Americans Continue to Contract Zika Virus

The White House is asking Congress for more than $1.8 billion in emergency funding to combat the Zika virus, which is creeping into the United States and ravaging some foreign countries.

The White House is asking Congress for more than $1.8 billion in emergency funding to combat the Zika virus, which is creeping into the United States and ravaging some foreign countries.

The announcement made on February 8, 2016, indicated that the Obama Administration is taking “every appropriate measure to protect the American people” and would use the funding to prepare for and respond to the virus in the United States and abroad.

The White House warned that spring and summer’s warm weather could bring larger and more active mosquito populations to the continental United States—particularly in the South.

If approved by Congress, the $1.8 billion would go toward expanding mosquito control programs, building momentum for vaccine research and diagnostic development, enabling the testing for vaccines and diagnostics, educating the public and health care providers, improving services for low-income pregnant women, and helping other countries better control mosquitos.

“There is much that we do not yet know about Zika and its relationship to the poor health outcomes that are being reported in Zika-affected areas,” the White House press release stated. “We must work aggressively to investigate these outbreaks, and mitigate, to the best extent possible, the spread of the virus.”

The US Centers for Disease Control and Prevention (CDC) would receive $828 million, the US Centers for Medicare and Medicaid Services would receive $250 million, Vaccine Research and Diagnostic Development and Procurement would receive $200 million, and other US Department of Health and Human Services activities would be given $210 million.

Funding would also go toward supporting Puerto Rico’s community health centers, expanding home visiting services for low-income women at risk of the Zika virus, and providing targeted maternal and child health. In addition, the US Agency for International Development would receive $335 million, and finally, the US Department of State would receive $41 million to tackle the virus.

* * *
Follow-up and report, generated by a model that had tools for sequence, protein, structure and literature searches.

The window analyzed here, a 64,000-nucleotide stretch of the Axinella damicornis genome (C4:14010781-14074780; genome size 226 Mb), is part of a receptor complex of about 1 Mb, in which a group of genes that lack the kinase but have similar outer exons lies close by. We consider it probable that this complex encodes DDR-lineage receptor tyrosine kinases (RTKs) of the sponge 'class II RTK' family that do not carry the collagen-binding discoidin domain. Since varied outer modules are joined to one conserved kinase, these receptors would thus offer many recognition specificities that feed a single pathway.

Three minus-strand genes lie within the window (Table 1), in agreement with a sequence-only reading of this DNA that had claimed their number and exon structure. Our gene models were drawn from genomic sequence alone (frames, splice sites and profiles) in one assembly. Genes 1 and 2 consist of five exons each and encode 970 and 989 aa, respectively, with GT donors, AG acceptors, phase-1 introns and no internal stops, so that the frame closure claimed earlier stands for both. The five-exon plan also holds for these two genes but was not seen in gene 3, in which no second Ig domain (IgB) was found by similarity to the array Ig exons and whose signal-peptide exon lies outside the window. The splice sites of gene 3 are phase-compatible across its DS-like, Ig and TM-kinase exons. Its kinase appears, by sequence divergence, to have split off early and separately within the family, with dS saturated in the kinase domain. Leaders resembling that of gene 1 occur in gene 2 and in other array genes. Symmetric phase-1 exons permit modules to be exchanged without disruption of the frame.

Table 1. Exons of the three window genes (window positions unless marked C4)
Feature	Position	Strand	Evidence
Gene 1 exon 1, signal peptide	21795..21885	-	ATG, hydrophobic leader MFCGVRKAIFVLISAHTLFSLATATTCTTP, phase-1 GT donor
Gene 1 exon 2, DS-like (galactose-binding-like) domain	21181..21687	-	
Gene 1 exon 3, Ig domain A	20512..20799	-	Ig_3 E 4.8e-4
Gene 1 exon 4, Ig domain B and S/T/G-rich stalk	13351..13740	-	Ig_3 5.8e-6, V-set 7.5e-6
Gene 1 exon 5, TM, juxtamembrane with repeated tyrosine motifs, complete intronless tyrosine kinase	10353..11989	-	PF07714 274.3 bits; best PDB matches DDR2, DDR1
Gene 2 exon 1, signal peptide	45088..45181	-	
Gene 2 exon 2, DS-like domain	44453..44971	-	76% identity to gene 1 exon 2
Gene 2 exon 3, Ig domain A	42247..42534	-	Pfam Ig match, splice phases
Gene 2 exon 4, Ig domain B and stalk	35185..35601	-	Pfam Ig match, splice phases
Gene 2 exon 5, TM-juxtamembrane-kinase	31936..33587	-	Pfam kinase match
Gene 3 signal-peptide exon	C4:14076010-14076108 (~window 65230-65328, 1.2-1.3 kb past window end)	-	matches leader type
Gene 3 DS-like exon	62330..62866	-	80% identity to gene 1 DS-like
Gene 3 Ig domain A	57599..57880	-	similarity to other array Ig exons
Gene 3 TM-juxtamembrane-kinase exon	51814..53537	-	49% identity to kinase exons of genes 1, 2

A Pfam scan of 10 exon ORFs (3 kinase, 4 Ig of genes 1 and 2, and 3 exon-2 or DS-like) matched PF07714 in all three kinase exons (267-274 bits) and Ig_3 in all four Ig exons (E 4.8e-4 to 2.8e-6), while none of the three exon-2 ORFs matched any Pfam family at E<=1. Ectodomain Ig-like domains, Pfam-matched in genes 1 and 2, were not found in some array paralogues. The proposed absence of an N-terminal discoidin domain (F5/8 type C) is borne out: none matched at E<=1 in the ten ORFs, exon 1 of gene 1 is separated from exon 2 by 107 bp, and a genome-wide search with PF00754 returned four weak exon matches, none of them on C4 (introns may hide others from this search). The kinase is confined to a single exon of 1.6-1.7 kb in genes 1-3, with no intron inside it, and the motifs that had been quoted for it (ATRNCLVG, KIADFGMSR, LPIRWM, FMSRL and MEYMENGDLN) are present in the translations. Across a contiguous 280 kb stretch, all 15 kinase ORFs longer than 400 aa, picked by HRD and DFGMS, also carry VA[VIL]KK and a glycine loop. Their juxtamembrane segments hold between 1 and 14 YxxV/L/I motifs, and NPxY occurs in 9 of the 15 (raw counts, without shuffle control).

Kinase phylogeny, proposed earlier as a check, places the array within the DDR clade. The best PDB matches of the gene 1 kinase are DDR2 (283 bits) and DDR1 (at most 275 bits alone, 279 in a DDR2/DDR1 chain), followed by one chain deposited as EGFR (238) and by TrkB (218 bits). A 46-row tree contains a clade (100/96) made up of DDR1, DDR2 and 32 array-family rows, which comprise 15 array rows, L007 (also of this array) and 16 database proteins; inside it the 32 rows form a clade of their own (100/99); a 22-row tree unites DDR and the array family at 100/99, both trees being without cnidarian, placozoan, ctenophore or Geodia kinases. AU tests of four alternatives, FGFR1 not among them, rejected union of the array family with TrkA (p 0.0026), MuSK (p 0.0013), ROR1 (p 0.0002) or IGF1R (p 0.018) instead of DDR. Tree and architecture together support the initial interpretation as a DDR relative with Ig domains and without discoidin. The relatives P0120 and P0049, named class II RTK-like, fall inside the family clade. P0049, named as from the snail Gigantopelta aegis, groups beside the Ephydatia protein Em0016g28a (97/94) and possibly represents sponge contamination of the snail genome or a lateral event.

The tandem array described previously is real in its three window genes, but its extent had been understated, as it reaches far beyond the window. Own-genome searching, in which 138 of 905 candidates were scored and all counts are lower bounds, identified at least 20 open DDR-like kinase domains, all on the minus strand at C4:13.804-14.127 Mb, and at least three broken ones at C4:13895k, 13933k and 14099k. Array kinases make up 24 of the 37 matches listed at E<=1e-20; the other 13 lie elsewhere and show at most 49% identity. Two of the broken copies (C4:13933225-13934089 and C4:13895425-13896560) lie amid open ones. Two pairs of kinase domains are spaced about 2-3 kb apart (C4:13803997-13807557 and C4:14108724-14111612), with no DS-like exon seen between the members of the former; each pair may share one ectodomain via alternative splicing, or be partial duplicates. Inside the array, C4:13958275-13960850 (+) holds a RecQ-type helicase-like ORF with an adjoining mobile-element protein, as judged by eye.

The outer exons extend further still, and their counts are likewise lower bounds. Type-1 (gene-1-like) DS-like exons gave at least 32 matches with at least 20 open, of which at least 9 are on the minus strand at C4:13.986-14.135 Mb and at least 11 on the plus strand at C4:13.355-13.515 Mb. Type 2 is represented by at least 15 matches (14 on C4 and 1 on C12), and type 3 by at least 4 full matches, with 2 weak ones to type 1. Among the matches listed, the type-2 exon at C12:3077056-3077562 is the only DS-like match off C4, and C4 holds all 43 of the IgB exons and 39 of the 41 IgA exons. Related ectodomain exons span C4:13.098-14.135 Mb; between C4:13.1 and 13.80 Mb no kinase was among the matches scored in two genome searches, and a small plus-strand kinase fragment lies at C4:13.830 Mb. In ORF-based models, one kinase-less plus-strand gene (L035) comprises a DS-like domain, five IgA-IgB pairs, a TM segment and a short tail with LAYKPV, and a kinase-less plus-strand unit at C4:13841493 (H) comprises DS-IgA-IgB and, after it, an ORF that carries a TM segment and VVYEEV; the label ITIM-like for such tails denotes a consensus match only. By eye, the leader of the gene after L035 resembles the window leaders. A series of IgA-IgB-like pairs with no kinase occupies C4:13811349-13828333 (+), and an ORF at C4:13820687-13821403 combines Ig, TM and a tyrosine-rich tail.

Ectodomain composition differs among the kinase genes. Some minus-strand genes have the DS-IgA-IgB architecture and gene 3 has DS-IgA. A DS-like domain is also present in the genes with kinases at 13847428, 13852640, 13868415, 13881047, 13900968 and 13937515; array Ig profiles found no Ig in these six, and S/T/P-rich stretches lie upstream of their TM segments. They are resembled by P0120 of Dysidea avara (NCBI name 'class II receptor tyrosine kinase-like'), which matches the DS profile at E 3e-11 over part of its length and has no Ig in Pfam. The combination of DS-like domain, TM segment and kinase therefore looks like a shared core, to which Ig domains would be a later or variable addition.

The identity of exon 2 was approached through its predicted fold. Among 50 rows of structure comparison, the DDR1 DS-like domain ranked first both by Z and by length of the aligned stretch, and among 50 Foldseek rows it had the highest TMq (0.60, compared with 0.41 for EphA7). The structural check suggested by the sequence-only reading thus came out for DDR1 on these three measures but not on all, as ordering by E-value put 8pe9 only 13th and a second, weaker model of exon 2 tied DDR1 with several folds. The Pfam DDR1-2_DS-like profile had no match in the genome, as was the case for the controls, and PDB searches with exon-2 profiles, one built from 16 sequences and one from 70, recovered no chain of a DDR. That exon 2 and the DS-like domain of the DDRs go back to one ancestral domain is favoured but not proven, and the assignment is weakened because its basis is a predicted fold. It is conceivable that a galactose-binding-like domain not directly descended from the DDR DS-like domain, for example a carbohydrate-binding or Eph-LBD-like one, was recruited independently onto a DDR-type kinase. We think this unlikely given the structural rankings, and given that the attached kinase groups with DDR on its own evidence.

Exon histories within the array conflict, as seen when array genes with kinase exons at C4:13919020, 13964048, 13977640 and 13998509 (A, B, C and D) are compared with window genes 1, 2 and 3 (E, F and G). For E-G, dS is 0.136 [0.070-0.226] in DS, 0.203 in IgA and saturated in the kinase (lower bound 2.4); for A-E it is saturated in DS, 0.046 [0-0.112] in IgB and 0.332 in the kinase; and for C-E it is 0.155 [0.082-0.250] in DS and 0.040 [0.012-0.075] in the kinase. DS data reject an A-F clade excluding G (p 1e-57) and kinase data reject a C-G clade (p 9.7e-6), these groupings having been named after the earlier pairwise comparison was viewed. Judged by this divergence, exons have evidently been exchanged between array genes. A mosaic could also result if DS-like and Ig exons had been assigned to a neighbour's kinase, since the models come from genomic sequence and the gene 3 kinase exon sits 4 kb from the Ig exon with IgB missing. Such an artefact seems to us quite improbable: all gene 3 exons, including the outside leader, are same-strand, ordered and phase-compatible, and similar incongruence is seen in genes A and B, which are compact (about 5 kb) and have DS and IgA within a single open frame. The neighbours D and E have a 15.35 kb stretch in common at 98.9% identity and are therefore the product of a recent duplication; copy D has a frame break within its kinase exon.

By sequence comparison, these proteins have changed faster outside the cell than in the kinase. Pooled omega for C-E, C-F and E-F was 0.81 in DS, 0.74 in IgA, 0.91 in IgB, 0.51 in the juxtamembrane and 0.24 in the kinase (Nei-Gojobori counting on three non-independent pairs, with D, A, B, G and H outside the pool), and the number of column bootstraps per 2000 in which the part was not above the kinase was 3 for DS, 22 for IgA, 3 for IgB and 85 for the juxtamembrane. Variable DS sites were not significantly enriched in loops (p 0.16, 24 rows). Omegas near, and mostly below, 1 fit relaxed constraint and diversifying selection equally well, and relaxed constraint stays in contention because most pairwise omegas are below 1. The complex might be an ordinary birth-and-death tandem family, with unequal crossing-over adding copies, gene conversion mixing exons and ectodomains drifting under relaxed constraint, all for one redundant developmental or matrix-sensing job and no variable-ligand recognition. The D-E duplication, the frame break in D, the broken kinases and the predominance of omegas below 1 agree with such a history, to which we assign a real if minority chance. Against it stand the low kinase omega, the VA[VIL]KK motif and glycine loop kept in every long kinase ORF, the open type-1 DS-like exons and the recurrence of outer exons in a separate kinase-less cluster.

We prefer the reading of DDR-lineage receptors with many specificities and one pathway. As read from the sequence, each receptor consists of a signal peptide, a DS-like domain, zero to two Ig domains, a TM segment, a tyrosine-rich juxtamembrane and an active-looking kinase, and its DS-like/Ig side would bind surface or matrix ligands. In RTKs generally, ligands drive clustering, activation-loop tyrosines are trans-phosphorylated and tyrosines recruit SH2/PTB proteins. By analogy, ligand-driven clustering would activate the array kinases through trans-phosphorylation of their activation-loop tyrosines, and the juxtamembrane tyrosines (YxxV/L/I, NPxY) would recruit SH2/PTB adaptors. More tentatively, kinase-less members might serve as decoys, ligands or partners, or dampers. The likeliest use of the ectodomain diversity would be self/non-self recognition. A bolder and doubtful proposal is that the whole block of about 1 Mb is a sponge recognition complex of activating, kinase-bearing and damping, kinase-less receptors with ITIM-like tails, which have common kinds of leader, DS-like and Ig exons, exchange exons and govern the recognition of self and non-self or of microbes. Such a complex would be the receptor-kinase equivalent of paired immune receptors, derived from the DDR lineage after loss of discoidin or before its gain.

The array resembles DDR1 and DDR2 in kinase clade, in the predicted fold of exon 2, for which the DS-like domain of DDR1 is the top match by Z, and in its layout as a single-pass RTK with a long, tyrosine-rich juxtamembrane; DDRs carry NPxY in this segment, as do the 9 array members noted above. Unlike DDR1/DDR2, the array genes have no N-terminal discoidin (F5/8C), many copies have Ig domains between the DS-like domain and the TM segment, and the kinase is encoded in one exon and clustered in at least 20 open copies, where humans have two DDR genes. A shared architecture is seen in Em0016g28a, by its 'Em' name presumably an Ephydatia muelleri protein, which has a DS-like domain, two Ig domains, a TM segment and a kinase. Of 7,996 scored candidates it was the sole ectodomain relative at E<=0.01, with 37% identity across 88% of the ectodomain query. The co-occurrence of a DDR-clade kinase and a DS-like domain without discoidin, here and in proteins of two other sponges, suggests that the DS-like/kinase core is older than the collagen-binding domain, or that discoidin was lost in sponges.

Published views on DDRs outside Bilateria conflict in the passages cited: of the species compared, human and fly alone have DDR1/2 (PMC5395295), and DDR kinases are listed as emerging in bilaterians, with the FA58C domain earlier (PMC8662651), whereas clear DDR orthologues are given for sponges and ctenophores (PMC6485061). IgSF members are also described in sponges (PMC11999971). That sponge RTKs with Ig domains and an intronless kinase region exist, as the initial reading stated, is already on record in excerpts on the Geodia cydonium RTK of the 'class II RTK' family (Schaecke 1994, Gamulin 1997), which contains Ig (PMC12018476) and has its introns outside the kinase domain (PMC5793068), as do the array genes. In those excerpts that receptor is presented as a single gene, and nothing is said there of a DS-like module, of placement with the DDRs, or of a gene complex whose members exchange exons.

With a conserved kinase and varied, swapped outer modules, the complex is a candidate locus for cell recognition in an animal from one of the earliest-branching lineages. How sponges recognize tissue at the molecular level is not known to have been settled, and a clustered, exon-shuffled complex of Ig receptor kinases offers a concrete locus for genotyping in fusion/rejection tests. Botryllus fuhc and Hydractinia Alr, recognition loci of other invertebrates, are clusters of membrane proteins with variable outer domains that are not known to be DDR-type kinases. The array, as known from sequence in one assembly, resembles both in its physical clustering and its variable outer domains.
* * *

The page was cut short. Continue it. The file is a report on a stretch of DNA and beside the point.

Denise J. Jamieson, MD, medical officer in the CDC’s Division of Reproductive Health, previously told Pharmacy Times that pharmacists can help manage the Zika virus by helping patients recognize symptoms after traveling. They can also recommend patients seek medical care, especially by their obstetric providers if they are pregnant. (The virus has been associated with birth defects such as microcephaly, as well as Guillain-Barre syndrome.)

“Many travelers visit their pharmacy before trips abroad to fill prescriptions, get immunized, or buy other OTC medications,” Dr. Jamieson told Pharmacy Times. “That visit to the pharmacy could provide a great opportunity for patient education about Zika virus transmission and other infectious disease risks.”

As of February 3, 2016, the CDC called the Zika virus “nationally notifiable” with 35 travel-associated disease cases reported.

Areas that have seen laboratory-confirmed Zika virus cases between January 1, 2015, and February 3, 2016, are as follows:

· Arkansas (1 case)

· California (2 cases)

· District of Columbia (3 cases)

· Florida (9 cases)

· Georgia (1 case)

· Hawaii (3 cases)

· Illinois (3 cases)

· Massachusetts (2 cases)

· Minnesota (1 case)

· New Jersey (1 case)

· Texas (8 cases)

· Virginia (1 case)

There have been no reports of locally acquired disease cases in the United States, but there have been 9 locally acquired cases in US territories (8 in Puerto Rico and 1 in the US Virgin Islands).

These laboratory-confirmed disease cases are no doubt a small portion of the individuals affected by the virus. According to the CDC, 80% of cases will go undiagnosed.

“With the recent outbreaks, the number of Zika cases among travelers visiting or returning to the United States will likely increase,” the CDC stated on its website.

The World Health Organization called the Zika virus a “public health emergency of international concern” on February 1, 2016. A few days later, the CDC ramped up its emergency operations center to Level 1, which is the highest level.